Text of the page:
I also had various communication issues with the coroner’s office, which made the experience much more difficult than it needed to be. For example, there was a major issue with the date of the main inquest. I had been told the inquest date would be decided at the second pre inquest review, but after being told that, at the bottom of an email about other issues (including lots of additional and very upsetting information from the mental health trust I had not previous seen) the email said the date had been set, which I had missed and had therefore given no confirmation of receiving. When you are grieving, reading correspondents from the coroner’s office is really difficult and upsetting, and I think it was entirely inappropriate to include something so important as an afterthought in an already upsetting email. At the pre inquest review, when I was expecting a conversation about a date (and had brought along a list of dates my lawyer was free), I was told it was too late and the date was already set, and that I had been informed of it, so it was now impossible to move. The coroner’s office seemed entirely unconcerned whether or not I could attend, and much more concerned about the mental health trust’s availability. I was left terrified I wouldn’t have any legal representation (it had already been incredibly difficult to find this lawyer, who was giving me an extremely reduced rate because he was a friend of a friend), and I ended up crying in my car in the carpark of the office. Luckily, another inquest my lawyer was attending ended up being moved, so he was able to make it, but a lack of clear communication caused a huge amount of unnecessary additional stress for me.
The inquest itself is an extremely difficult week for families, but no one checked on our mental welling at any point during the process. The coroner’s office had one volunteer who showed us where to sit, and kindly helped my elderly grandad in and out of the room, but this was the total of the support we were given during the week. We were not warned that staff from the mental health trust would try to speak to us or given any support on how to speak to them.
I wanted to make sure press reported on my mum’s death due to the failures in her care, but I had no idea how much I was allowed to say to the press before the inquest, and I was terrified I would accidently ruin the inquest without realising I had. Clear guidance on this from coroner’s offices would have been really helpful. I also did not realise before the inquest how expensive a transcript would be, and had I know, I would have asked a friend to make notes throughout. Instead, I was only able to pay for transcripts of short sections of the inquest.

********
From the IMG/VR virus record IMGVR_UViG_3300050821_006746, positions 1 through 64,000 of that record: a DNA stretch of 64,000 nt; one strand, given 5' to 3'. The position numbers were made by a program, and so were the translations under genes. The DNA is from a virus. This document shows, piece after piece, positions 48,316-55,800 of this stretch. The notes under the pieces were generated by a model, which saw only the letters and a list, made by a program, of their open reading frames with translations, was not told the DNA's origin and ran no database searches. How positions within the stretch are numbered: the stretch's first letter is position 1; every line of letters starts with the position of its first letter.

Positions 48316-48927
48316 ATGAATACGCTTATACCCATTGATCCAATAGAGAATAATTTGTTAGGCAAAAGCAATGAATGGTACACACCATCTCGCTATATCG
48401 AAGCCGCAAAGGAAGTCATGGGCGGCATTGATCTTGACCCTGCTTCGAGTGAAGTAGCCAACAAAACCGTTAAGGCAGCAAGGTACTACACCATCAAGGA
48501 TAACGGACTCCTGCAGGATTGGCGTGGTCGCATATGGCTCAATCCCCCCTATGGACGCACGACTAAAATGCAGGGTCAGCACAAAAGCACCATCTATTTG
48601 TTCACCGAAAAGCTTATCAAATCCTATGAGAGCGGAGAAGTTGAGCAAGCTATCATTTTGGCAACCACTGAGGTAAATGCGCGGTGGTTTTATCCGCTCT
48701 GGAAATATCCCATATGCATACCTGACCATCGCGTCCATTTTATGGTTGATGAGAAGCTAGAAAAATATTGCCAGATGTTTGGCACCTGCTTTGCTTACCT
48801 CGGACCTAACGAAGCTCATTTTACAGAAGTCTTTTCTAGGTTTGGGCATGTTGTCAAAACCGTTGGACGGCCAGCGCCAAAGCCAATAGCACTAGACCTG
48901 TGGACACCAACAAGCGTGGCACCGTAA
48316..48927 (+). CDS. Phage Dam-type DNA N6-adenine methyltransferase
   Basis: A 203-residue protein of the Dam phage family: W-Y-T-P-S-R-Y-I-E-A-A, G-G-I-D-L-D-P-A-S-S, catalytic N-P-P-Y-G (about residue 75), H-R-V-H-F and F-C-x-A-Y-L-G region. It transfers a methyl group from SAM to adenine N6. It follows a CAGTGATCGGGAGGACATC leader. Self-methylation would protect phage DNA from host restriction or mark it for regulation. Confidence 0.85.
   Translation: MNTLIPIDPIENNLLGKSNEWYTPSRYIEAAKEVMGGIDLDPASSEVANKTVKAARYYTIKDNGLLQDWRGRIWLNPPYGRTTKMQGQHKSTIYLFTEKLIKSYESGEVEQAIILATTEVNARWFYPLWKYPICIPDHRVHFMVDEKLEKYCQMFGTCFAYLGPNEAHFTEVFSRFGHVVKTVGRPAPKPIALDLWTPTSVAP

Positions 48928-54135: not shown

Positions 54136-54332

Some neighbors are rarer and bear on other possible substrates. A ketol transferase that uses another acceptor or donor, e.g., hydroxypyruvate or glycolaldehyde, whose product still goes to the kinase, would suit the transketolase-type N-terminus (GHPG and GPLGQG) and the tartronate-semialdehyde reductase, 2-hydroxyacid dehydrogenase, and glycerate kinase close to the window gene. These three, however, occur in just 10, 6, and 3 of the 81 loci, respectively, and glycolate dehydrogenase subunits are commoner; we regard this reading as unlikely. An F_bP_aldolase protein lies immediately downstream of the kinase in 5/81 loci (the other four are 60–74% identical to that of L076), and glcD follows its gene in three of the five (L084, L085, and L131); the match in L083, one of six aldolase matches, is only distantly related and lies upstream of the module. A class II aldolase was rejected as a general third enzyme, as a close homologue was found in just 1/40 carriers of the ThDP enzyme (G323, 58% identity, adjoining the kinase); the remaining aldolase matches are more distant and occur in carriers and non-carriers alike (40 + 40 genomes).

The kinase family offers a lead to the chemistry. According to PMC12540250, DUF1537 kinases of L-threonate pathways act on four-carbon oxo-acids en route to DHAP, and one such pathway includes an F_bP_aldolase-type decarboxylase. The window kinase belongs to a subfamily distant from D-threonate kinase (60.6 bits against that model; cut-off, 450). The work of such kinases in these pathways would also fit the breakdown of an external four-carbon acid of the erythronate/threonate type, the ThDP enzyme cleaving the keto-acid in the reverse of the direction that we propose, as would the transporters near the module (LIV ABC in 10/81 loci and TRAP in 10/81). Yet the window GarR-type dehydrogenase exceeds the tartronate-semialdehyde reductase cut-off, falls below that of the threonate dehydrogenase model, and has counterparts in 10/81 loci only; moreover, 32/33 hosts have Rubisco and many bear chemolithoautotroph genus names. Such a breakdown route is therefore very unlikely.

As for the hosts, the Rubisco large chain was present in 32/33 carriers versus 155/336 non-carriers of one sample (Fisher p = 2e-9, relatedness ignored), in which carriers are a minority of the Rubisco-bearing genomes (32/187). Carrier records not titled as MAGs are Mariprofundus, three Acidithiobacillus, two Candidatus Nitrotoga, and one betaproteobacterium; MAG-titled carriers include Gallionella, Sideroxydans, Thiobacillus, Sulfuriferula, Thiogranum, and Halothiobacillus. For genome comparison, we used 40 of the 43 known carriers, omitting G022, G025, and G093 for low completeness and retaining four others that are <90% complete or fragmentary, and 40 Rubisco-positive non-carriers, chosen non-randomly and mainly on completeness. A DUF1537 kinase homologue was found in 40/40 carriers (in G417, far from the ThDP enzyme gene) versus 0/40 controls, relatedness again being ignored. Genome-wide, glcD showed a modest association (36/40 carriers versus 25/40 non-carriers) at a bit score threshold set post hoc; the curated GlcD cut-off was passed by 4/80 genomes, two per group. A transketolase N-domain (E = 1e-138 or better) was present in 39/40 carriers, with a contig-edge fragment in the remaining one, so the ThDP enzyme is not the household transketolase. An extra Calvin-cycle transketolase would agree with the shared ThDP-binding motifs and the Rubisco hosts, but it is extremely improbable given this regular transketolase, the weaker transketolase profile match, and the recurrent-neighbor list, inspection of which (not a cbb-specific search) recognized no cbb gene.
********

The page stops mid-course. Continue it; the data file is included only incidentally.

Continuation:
I was honestly shocked when I learnt about the coroner’s system after my mum’s death. I could not believe my mum could be failed by state agencies, but that I would have no right to legal support (or even legal advice to determine if legal support was appropriate for her case), and at just 26 years old and having just lost my mum, I was left to navigate the process entirely alone. At the same time, the agencies who were meant to look after my mum had access to tax-payer funding to pay for their own lawyers. After my mum’s inquest, I found through FOI requests that mental health trusts are receiving at least 34 times more in funding for legal representation at inquests than families are following the death of a relative in contact with mental health services – this is deeply unfair and does not encourage failings to be discovered and examined.
The state clearly acknowledges that there are instances where families will require a lawyer, for example in cases where someone died while detained in mental health settings. However, in cases like my mum’s – where she should have been sectioned but was not – families are left with nothing. It makes no sense to me that by the state failing so entirely that your loved one is given no care at all, they can end up with fewer responsibilities to them then they would have had, had they provided some care. By failing to section my mum, the mental health trust was making it easier for themselves to abdicate responsibility for their failures.
I had to find a lawyer myself, with no funding from the state. Having done so was absolutely worth it, as having that lawyer made a real difference, and I am certain not all the failings in her care would have been identified without his questioning, which went into much greater detail than the questions from the coroner. This both meant the mental health trust’s involved could learn more from her death to help keep future patient’s safe, but also did a great deal to help me process my own grief. Before the inquest, I had felt guilty for my mum’s death – perhaps the mental health team had done all they could, maybe they just couldn’t have known what she would do from the information they had. As her daughter – shouldn’t I have known and done all I could to keep her safe? (These feelings of guilt are very common in families who have lost a loved one to suicide) Knowing the extent of the failures in my mum’s care, and knowing that the people who were meant to look after her had failed to do so, is what allowed me to let go of much of my own guilt, in a way I never would have been able to do without the inquest.
Lawyers are highly skilled, they know exactly the types of questions they can ask a witness and the way in which to ask them, something I could not possibly have done myself. It’s so important families have representation when they have concern about failures, as without it, the coroner is only hearing one side of the story in that level of depth. While families can question witnesses themselves, they are not trained. They will often ask the wrong sort of questions, or miss important issues. The process can also be very upsetting for family members, making it difficult to concentrate properly and ask the questions required. Although a coroner tries to be neutral – how can anyone be neutral after hearing several well thought out questions from one side (designed with the interests of the mental health trust in mind), and nothing or poorly formed questions from the other? Could you maintain a neutral stance after listening to just one side of a story for hours on end? I could not believe the system had been set up in this way, and it is clearly not set up to identify and correct failings in care.